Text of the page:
For another example, lets look at the game I’m most in love with right now: Persona 5. I have very few issues with Persona 5 overall, and for the most part the difficulty isn’t one of them. Sure a boss or two have given me a few issues, but in the end I think the game is a little too easy. However, there is one exception to this. In the latter game safe rooms become more and more rare while enemies increasingly have attacks that can instantly kill members of your party. And if that happens to the player character, it’s game over. Where I am now the game even through me into a scenario where I had to fight three mini-bosses back to back with no ability to save between them. The second of which had two separate one hit kill attacks. If I had not been slightly under leveled to create a new persona and not been forced to stick with my main (who could block both attacks) this battle could have lasted hours. Speaking just for myself, out of the 70 hours I put into the game, I think there has been at least one hour per dungeon extra just for the amount of times I got instakilled in the level and had to redo long stretches of it. Thankfully in bigger fights the game gives you the ability to start over from the beginning of that fight, but this doesn’t ease the frustration of losing large amounts of progress when you did nothing wrong.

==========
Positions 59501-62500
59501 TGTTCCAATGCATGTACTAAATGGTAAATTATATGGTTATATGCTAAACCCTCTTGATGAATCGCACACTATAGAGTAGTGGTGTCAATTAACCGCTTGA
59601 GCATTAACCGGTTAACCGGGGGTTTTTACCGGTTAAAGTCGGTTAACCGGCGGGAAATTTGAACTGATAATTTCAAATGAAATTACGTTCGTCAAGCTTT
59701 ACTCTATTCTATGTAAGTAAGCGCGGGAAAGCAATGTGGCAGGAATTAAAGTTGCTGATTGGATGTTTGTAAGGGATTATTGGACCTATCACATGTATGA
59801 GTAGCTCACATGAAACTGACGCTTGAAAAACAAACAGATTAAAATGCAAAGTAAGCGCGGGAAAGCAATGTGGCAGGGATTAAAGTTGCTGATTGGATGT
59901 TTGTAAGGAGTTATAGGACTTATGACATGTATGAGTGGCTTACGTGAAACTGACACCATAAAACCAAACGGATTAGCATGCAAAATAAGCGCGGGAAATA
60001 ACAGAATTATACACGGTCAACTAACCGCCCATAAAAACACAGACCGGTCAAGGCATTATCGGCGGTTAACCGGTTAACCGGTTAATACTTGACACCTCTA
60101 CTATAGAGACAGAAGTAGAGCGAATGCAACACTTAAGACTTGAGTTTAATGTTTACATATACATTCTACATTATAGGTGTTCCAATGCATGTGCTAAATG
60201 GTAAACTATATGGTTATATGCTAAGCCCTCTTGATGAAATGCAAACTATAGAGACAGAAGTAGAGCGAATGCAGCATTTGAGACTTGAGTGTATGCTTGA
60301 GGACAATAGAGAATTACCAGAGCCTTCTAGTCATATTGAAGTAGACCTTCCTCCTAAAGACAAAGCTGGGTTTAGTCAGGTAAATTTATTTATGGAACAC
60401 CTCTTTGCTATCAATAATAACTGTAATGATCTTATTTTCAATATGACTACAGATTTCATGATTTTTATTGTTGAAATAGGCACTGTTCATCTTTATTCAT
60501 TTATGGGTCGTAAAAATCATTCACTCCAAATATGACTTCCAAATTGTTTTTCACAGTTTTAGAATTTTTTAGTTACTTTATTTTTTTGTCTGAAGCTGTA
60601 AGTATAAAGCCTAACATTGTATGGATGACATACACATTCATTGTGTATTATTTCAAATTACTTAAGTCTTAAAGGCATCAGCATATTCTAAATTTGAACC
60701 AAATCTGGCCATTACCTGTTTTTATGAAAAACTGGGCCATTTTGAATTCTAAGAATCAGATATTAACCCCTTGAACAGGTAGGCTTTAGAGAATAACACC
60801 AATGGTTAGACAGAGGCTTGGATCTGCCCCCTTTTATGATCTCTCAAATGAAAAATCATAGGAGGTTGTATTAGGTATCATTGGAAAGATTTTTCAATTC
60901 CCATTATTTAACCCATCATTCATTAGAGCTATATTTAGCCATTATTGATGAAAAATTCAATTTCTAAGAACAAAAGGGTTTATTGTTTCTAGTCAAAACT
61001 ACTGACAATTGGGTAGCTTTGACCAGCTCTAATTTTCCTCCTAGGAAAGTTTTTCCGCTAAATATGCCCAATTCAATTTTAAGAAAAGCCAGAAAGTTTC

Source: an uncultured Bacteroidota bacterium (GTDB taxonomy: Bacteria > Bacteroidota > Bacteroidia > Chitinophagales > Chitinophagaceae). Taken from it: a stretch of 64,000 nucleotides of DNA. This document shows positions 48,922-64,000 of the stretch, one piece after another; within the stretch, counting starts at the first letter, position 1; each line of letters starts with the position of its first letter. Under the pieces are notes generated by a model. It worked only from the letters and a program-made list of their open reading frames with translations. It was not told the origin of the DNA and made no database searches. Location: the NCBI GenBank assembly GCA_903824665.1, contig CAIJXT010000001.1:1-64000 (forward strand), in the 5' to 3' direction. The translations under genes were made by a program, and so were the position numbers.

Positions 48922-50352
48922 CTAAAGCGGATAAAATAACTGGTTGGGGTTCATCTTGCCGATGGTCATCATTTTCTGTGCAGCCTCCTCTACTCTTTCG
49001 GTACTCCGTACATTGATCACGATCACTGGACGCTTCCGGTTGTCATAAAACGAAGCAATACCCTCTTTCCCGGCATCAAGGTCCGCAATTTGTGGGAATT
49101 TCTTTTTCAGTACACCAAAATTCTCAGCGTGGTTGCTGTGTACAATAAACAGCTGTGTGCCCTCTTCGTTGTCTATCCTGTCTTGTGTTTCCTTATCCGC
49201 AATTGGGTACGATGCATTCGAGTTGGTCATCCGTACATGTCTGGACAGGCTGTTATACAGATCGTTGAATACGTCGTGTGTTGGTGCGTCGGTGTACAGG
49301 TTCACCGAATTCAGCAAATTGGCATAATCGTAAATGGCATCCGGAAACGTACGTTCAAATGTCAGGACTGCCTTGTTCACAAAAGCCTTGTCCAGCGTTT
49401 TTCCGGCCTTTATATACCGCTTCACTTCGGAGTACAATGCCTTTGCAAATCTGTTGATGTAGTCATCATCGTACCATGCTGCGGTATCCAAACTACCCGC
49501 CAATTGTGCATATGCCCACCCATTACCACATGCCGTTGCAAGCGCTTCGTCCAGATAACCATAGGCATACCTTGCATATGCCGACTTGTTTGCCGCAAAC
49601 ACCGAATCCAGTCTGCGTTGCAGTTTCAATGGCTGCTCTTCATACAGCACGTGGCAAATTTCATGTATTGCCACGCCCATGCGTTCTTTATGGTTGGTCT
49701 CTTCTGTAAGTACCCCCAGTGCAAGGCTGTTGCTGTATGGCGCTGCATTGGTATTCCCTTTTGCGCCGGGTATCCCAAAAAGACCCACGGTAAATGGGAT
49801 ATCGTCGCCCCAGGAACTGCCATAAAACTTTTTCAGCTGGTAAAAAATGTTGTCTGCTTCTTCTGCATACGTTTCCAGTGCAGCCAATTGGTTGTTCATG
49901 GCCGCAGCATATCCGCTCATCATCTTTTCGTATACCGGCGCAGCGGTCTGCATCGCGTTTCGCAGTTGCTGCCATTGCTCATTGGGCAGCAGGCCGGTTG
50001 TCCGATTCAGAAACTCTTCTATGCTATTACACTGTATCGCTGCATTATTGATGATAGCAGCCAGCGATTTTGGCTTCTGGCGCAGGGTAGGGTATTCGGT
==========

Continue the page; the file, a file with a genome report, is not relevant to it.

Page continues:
And yet again, almost all of that was also true for Darkest Dungeon, a game I loved and in which these same things didn’t bother me. Why? Because everything in Darkest Dungeon, from story to tone to game play mechanics, reinforced the idea that the world is a cruel place that does not care about you or your goals.

Good difficulty stems from good design. Good difficulty requires work and dedication by the player in order to overcome, but it does not get in the players way. Good difficulty does not ask a player to brute force their way past the games challenges, but to make smarter use of the games systems. Good difficulty does not laugh at a players failures, but revels in their successes. Good difficulty may ask for a players dedication, but it does not waste the players time.

Ludophile Lab is having an Identity Crisis

I haven’t been posting as much as i would like. Hell, i haven’t been posting much at all. Part of that is just life. School takes up a lot of time and there isn’t always something interesting to talk about. Recently, however, I’ve come up against a new issue. I’ve always been more interested in doing reviews more than anything else, and with my review now being mainly hosted over at IndieGamerTeam.Com, i’m having kind of a hard time coming up with what exactly i want Ludophile Lab to be. Part of me thinks it would be a good idea to try and make this more editorial based, and reviewing Non-Indie Games (like Persona 5 which i am loving and putting way too much time into). However, by the time a topic reaches me bigger and better voices have probably already wrote or made a video on it. I mean really, between Jim Sterling, Writing on Games and Noclip there really isn’t much i can add to most conversations.

So now that you know what’s been going on and where my head is at most of the time, i’d like to ask: what would you like to see? Stuff like the trailer reactions and stuff probably aren’t going away becuase they give me an excuse to talk about games. But other than that, what kind of stuff would you all like to see? Editorials? More personal game related stories? Fucking Top 10 lists? Please, feel free to leave a comment and give some ideas, i’d appreciate it.

An Open Letter to Atlus in Regards to their Streaming Policy for Persona 5

To Whom it May Concern,